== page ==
How Filipina domestic workers protect and support each other in Jordan

Filipina domestic workers return home from working in the Middle East to Manila, Philippines on 18 February 2018. In Jordan, Filipina domestic workers are using social media and informal networks to offer advice and provide moral support. (Noel Celis/AFP/Getty Images)

When she left the Philippines to work in Jordan, Rosa (not her real name) took two mobile phones with her. She knew that one of them would be confiscated by the recruitment agency that brings women like her to the Middle East to work as housekeepers, nannies and caretakers. The other one she kept hidden in her bra.

Her phone was the only way of communicating with her siblings. Supporting them was main reason why she accepted a job in Jordan, tens of thousands of kilometres away from home.

Rosa started working as live-in maid for a Jordanian family. She worked long hours, had to be available all the time and wasn’t allowed to leave the house.

“For three months I wasn’t paid a salary. When my boss tried to rape me I ran away,” she says.

Migrant domestic workers come to Jordan under a sponsorship system known as kafala, which ties the worker’s legal residency status to their employer. Common in many Middle Eastern countries, the kafala system gives employers almost total control over their employees’ lives. It has been described by the International Labour Organization (ILO) as a “contemporary form of slavery.”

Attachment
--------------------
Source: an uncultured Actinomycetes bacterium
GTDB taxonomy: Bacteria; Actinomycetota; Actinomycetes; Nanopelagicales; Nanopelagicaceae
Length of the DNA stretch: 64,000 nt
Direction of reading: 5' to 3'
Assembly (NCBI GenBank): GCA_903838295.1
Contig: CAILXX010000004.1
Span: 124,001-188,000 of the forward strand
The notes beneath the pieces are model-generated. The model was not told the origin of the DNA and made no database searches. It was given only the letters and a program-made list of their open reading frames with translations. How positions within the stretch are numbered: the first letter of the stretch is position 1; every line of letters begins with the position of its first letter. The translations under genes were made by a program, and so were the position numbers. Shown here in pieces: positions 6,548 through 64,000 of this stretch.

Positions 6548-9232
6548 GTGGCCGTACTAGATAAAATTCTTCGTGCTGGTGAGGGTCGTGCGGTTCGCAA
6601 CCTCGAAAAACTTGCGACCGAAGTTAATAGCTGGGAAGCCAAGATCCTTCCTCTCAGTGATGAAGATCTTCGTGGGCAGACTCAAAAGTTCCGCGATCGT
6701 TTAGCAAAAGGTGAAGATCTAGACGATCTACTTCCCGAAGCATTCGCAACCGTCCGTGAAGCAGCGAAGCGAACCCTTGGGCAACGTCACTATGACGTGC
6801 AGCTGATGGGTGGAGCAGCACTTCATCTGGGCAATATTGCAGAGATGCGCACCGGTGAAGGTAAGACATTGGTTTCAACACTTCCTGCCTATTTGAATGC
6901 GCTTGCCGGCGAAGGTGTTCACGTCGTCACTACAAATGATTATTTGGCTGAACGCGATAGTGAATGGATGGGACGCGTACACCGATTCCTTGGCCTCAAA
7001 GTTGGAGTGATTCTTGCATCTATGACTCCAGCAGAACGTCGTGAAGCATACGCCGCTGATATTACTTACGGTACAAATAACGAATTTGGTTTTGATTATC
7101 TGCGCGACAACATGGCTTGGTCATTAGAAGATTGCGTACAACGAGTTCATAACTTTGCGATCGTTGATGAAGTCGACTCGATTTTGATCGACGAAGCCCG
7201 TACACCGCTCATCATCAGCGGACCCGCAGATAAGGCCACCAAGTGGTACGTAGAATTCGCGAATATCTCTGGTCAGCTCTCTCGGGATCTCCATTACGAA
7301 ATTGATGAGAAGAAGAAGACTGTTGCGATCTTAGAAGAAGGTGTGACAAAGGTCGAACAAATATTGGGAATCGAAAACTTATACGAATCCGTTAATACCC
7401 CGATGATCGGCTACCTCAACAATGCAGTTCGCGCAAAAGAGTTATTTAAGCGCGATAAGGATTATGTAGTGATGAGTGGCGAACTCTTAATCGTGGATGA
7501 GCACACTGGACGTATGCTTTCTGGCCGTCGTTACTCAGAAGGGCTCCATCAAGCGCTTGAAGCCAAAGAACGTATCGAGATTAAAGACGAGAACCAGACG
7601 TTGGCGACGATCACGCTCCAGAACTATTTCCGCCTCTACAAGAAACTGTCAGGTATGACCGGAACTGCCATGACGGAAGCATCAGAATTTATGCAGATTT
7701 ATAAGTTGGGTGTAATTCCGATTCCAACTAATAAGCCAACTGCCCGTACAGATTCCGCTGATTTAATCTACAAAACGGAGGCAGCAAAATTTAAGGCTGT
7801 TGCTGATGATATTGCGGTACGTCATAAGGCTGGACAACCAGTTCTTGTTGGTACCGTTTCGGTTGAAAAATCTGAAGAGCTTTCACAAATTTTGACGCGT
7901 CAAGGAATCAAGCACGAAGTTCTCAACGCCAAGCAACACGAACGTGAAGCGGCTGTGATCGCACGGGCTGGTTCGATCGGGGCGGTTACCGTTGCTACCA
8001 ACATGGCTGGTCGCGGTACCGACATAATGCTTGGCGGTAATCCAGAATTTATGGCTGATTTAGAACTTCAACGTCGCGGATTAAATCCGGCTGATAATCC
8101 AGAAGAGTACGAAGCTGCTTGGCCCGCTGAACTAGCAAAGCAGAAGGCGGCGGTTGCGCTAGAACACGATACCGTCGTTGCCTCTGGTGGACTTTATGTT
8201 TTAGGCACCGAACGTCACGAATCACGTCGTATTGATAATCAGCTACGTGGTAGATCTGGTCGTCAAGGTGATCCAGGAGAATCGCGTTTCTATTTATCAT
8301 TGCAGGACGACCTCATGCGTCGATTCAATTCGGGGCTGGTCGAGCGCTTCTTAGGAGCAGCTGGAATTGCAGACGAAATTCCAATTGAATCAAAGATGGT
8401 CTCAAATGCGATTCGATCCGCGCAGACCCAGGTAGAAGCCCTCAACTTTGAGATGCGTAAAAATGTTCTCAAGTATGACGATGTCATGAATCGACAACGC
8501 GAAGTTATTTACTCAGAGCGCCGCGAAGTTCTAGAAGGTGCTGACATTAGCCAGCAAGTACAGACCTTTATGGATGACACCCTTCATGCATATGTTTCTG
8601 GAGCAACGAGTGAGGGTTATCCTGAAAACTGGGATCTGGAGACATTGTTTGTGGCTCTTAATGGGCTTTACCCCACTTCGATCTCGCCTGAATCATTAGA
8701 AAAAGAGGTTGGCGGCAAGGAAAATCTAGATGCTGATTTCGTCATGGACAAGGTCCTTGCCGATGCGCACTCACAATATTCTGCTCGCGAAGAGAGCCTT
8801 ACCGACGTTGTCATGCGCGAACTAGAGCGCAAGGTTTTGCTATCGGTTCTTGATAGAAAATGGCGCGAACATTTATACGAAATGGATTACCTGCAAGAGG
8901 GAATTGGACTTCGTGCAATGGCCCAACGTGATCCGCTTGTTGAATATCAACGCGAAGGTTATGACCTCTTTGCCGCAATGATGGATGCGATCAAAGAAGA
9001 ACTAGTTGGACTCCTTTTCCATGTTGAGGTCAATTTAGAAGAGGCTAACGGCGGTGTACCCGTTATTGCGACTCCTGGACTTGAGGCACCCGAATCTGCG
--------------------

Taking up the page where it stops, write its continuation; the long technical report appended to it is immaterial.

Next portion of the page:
After she ran away from her first employer, Rosa was sent by her agency to another home but the second family she worked for didn’t treat her much better.

“The son was 16 years old and used to hit me and shout at me,” says Rosa while fighting back tears. “I became very depressed. I wanted to die.”

“I fought against my boss for my dignity”

There are 50,000 migrant domestic workers registered in Jordan, but the number is likely to be much higher since thousands work irregularly. They come from the Philippines, Bangladesh, Sri Lanka and Uganda, and the overwhelming majority of them are women.

Two-year contracts are offered to domestic workers who expect to be paid enough to send money home to their families. While many get the salaries they are promised, others end up trapped in situations of abuse and exploitation.

Human rights organisations have documented employers beating domestic workers, locking them inside the house, and depriving them of food and medical care in Jordan. The non-payment of promised wages, confiscation of passports and long hours without rest were considered widespread.

“I climbed up the windows and thought about jumping, but because I had to take care of my brother and sister I fought back. They were counting on me. They depended on me to finish university,” says Rosa.

The ability to keep in touch with her siblings, to know they were attending university and were doing well in the Philippines, helped Rosa cling to life. She stepped away from the window and decided to demand her rights. “I fought against my boss for my dignity,” she says.

Isolated in their employers’ homes with few opportunities to form friendships and establish social networks, live-in domestic workers are more likely to resort to suicide when facing desperate situations.

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“The only thing I had was my phone close to my chest,” says Rosa. Now working as a cleaning lady at a non-governmental organisation in Amman, she describes her current working conditions as a “dream” because she has insurance, social security and “a little good salary.”

For the past years, Rosa has also been using her phone to connect with other domestic workers from the Philippines and to support them whenever they are in trouble.

“I love to help other domestic workers because their experience is my experience,” says Rosa. “If they have a problem I tell them to fight, to stay strong.”

Online support and solidarity